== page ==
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Recursive Grid Computing AMD on AMD

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AMD designs next generation microprocessors using AMD-based systems. Presentation at Mentor Graphics 2009 User2User conference.

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Recursive Grid Computing AMD on AMD

  1. 1. Recursive Computing AMD on AMD… Quentin Fennessy
  2. 2. Oct 2009 2 Who am I? •Quentin Fennessy – Worked at AMD (Advanced Micro Devices) for 10 years – Compute Clusters: 10 years with clustered computing – Unix: 20+ years in various industries (telecomm, automation, semiconductors) – BA in Computer Science from University of Massachusetts – Manager for Core Services of Global Engineering IT
  3. 3. 3 Recursive Computing--What? •Definition: See RECURSIVE Oct 2009
  4. 4. 4 Goal of AMD Compute Clusters •Develop, test, revise and complete microprocessor designs •Do it efficiently –time-wise –$$-wise –people-wise •Support concurrent design projects –5 or 6 at any given time Oct 2009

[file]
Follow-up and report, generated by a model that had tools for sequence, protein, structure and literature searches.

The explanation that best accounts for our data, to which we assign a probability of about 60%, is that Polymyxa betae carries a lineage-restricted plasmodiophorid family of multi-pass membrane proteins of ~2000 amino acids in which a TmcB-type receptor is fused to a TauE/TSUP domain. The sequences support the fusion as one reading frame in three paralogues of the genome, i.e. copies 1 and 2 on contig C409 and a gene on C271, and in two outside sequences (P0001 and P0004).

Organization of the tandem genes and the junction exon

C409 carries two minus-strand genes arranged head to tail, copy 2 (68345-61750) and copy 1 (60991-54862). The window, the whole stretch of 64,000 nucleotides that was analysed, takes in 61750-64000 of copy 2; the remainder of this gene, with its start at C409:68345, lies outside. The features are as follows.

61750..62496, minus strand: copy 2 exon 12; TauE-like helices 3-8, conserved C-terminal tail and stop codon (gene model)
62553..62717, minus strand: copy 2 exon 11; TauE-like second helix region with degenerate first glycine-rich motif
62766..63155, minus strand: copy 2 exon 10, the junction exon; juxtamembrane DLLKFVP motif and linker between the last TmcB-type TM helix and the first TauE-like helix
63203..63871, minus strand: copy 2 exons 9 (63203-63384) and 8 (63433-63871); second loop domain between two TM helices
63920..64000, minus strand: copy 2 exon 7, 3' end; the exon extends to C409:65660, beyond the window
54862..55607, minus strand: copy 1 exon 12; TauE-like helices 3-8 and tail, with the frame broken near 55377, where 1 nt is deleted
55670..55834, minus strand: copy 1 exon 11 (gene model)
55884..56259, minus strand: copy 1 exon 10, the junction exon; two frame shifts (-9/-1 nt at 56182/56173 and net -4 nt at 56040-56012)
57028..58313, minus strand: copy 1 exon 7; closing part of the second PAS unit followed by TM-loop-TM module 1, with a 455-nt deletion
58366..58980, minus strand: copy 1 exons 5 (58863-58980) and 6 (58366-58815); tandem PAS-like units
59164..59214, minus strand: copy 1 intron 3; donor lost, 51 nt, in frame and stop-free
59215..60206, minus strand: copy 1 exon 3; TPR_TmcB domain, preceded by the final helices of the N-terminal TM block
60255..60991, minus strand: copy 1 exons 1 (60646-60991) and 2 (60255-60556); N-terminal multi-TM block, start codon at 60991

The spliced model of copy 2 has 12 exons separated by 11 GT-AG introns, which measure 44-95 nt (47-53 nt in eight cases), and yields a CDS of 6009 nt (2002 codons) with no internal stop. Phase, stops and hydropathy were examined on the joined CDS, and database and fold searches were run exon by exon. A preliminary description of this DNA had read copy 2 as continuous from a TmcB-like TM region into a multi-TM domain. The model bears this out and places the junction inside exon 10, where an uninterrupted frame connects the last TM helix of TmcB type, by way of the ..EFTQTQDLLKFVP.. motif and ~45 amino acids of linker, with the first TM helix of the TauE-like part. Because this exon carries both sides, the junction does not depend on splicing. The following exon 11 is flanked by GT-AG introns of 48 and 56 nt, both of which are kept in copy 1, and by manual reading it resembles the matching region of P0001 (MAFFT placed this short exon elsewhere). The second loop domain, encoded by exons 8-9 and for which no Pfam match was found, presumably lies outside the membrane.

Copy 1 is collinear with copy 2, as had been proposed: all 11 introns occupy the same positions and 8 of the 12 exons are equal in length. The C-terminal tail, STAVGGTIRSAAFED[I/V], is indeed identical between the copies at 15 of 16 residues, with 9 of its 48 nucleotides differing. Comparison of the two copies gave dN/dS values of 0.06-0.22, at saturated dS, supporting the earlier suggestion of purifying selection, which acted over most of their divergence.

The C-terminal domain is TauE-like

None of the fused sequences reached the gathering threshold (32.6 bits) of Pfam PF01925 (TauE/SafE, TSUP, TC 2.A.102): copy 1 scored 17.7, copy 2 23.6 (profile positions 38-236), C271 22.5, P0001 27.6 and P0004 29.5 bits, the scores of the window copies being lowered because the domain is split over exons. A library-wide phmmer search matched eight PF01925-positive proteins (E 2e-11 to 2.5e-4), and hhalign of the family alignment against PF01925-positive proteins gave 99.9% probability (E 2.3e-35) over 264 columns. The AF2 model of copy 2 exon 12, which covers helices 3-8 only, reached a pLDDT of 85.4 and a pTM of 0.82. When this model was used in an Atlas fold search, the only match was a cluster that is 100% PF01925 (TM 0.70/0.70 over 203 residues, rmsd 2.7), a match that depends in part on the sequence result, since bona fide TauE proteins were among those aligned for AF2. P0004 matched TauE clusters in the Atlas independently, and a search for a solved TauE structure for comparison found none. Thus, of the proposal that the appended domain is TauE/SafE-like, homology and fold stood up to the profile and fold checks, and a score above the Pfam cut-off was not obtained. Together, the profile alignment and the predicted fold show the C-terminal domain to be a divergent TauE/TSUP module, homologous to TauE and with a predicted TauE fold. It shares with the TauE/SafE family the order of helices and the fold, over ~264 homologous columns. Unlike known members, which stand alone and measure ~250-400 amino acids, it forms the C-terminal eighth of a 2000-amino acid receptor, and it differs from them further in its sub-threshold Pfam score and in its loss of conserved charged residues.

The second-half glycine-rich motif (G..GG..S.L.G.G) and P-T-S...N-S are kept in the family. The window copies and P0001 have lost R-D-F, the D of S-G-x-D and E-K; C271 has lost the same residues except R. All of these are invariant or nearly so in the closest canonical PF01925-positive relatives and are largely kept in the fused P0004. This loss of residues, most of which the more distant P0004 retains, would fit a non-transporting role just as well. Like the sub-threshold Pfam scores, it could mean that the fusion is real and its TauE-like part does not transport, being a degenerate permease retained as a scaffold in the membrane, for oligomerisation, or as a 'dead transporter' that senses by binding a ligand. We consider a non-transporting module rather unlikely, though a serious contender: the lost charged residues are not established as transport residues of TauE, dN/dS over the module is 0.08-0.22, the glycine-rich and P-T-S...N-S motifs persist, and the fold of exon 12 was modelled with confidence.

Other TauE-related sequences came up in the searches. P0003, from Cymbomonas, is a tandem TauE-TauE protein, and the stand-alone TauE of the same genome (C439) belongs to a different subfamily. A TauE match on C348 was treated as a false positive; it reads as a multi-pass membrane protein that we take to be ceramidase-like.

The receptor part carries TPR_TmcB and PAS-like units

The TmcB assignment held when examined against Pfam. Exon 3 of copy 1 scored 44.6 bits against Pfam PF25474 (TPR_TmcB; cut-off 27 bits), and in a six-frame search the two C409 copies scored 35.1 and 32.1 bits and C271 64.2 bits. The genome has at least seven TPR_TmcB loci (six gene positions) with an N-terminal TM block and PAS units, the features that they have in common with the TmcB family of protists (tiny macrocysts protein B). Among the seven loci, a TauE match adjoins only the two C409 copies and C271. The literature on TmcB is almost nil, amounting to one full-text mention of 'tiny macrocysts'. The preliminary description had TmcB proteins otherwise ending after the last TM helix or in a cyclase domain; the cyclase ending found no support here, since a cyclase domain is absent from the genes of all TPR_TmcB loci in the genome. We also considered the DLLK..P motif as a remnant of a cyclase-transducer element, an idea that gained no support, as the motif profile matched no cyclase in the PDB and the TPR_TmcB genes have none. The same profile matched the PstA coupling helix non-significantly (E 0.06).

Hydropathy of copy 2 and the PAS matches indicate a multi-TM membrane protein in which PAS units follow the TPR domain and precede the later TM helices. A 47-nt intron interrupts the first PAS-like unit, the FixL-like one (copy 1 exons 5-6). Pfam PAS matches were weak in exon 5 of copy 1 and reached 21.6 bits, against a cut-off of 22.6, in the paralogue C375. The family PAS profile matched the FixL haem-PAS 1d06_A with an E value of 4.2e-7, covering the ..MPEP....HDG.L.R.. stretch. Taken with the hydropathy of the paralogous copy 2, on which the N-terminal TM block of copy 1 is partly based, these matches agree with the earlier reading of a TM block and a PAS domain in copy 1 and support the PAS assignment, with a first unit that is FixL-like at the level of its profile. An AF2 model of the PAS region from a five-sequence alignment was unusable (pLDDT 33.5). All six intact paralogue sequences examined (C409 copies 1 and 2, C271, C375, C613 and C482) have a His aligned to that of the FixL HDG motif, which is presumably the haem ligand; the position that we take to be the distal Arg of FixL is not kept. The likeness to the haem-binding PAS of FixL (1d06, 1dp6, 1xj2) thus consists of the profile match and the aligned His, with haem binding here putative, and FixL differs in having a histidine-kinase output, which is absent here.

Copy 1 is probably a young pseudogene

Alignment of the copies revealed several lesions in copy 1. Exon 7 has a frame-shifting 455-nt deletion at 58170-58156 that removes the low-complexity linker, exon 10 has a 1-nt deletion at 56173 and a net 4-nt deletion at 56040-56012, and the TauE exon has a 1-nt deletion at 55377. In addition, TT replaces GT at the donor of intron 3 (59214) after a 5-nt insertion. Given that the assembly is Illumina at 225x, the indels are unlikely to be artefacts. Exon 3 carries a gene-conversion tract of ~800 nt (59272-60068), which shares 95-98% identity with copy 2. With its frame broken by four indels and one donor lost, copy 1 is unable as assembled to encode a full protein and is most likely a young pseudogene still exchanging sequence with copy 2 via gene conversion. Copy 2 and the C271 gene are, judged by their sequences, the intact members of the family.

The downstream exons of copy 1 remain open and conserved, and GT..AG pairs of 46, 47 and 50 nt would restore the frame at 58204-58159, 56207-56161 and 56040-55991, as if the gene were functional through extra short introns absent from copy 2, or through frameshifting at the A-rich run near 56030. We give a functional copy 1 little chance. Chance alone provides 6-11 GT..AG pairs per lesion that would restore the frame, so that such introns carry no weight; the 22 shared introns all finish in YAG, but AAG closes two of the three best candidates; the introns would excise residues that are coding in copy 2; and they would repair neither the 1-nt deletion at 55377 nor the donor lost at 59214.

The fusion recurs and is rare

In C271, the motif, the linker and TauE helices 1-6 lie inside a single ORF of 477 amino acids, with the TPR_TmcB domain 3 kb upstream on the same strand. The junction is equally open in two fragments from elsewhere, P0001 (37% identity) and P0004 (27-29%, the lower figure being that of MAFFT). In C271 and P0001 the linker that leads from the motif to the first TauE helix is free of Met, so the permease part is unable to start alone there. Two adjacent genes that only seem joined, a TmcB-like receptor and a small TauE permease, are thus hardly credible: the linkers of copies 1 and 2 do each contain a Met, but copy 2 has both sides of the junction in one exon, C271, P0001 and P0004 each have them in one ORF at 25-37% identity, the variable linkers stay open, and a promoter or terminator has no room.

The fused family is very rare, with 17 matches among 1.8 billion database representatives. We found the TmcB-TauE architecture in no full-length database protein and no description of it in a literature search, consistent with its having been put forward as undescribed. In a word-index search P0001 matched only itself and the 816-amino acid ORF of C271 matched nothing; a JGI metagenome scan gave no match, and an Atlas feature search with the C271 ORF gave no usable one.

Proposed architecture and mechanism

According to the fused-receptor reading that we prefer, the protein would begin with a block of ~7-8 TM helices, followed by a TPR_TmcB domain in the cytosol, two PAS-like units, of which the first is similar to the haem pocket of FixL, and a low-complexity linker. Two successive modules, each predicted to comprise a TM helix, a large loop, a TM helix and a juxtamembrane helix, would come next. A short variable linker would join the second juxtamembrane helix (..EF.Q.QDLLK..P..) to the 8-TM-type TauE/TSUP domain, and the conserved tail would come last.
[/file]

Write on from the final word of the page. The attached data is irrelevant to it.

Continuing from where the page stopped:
5. 5. 5 High Level Attainable Goals •Plan to meet your business needs •Understand the technical possibilities now – work with your vendors – hire and grow a great staff •Understand the technical possibilities for the future •Be flexible to accommodate changing business needs and technical possibilities Oct 2009
  6. 6. 6 Compute Clusters at AMD • Installed at each AMD design center (Austin x 2, Fort Collins, Sunnyvale, Boxborough, Dresden, Bangalore, ) • cluster size ranges from 200 to 10K+ cpus • 98+% compute servers are AMD Opteron™ and AMD Athlon™ MP processor-based • AMD Opteron and AMD Athlon MP processor-based desktops are also used as compute resources • AMD processor-based systems run 64bit and 32bit Linux (Red Hat Enterprise 3 and 4) Oct 2009
  7. 7. 7 History of AMD Clusters c 1998: AMD K6 processors, Linux, ~400 systems • c 2000: AMD Athlon™ processors, Linux, ~1K systems • c 2001: More AMD Athlon processors, Linux, ~2K systems • c 2002: More AMD Athlon processors, Linux, ~3K systems •c 2003: AMD Opteron™ processors, Linux, ~4.5K systems •c 2004: More AMD Opteron processors, Linux, ~6K systems •c 2005: Dual Core AMD Opteron processors, Linux, ~7K systems, ~15K+ cpus •c 2006: ~8K systems, ~23K+ cpus Oct 2009